Pigalle has become a very trendy, well-known spot in Paris.
Pigalle is above all the story of a mythical place of the same name. Since the 19th century, it’s been a lively district, a place well known for its cabarets, places of debauchery, but also represents freedom and creativity. Nightlife in Pigalle reached its peak with the opening of Moulin Rouge.
From Pablo Picasso to Toulouse-Lautrec, many artists came to experience the excitement of Pigalle. But in the 1920s, crime increased and the neighborhood started to get a bad reputation. But, the recent influx of tourists and nightclubs that attract the fashion crowds, had put Pigalle back on the map.
Pigalle’s Main Attraction
The rents in Pigalle have more than doubled in the last decade, due to its artistic draw, its history, and of course nostalgia. Old bars in the neighborhood are now reopening as trendy street food restaurants and cocktail bars. It’s also known as SoPi (South Pigalle), a tribute to the SoHo of Manhattan, by many ‘hipster’s in the area. At night, the blue neon lights illuminate the streets but inside, and there’s tons of vintage spots, a boho clientele and trendy mixologists at the bars.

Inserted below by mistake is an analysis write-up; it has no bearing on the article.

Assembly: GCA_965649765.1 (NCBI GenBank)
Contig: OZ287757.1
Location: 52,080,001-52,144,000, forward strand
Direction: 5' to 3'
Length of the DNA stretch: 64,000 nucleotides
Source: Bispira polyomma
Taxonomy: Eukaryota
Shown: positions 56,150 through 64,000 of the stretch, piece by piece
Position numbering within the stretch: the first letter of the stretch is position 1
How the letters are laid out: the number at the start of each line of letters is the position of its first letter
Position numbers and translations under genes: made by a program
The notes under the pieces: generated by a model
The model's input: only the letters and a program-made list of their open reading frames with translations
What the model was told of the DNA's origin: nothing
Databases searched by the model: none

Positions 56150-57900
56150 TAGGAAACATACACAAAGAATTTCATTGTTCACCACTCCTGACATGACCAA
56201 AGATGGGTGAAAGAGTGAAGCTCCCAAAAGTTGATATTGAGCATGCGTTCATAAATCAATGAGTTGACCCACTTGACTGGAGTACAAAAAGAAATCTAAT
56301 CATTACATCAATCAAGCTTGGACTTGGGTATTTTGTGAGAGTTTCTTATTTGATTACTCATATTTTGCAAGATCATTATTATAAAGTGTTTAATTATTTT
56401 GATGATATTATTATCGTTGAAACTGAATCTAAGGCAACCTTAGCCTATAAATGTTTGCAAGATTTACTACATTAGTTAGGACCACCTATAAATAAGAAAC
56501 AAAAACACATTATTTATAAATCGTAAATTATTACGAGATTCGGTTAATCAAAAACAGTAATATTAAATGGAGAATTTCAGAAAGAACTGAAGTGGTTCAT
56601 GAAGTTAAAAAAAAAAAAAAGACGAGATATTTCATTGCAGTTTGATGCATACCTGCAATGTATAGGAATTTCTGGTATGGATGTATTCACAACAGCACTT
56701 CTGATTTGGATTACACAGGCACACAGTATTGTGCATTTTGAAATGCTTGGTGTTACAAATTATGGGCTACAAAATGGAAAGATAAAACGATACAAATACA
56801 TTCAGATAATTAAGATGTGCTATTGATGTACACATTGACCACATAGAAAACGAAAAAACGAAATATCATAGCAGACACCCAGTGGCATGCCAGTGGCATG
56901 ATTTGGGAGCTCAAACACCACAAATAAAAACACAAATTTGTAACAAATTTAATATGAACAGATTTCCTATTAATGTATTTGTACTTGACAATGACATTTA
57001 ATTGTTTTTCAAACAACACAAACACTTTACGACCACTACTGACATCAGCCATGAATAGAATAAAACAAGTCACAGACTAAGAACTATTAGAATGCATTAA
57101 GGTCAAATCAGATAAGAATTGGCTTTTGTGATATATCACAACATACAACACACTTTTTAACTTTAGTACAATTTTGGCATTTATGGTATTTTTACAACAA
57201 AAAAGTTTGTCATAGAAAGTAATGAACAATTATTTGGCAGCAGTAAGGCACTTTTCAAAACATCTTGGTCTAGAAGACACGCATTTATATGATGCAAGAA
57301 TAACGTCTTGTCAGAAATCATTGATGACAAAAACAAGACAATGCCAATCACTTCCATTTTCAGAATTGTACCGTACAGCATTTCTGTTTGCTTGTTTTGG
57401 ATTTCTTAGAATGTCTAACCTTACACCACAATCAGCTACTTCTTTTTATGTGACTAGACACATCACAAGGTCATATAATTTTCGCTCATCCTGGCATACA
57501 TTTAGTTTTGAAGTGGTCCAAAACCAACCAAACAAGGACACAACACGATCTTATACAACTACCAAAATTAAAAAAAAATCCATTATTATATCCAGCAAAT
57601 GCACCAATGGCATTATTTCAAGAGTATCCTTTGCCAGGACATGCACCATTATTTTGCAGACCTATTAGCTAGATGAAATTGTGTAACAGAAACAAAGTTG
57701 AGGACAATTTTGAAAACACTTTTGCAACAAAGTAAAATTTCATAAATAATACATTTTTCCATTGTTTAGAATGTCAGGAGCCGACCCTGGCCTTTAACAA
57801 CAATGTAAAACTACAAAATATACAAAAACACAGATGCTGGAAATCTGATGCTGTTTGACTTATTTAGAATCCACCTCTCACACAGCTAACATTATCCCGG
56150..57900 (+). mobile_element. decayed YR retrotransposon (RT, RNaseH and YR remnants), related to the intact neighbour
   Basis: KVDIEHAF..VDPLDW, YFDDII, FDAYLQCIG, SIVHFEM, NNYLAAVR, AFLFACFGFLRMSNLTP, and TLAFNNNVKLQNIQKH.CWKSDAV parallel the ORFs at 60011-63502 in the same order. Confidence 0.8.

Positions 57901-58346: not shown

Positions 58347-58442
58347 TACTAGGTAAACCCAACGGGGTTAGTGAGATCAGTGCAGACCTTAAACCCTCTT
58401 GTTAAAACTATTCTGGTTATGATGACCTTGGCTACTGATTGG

Pigalle has become a true paradise of shopping. Far from the commercial shopping malls, pop-up and concept stores are flourishing.
Pigalle is one of the capital’s most abundant neighborhoods, with fashionistas, jewelry designers, neo-art galleries and grocery stores. The name ‘Pigalle’ has established itself as a cultural and popular reference even becoming its own brand.
Tattoo artists, photographers, designers… many creatives have chosen Pigalle for their pop-up events or showrooms. The abundance of private mansions, and old, restored bars with vintage decorations draw in locals and tourists alike. Rami Mekdachi, founder of the brand Lola James Harper, opened his store in Pigalle because he wanted his lifestyle brand to be in a super authentic spot.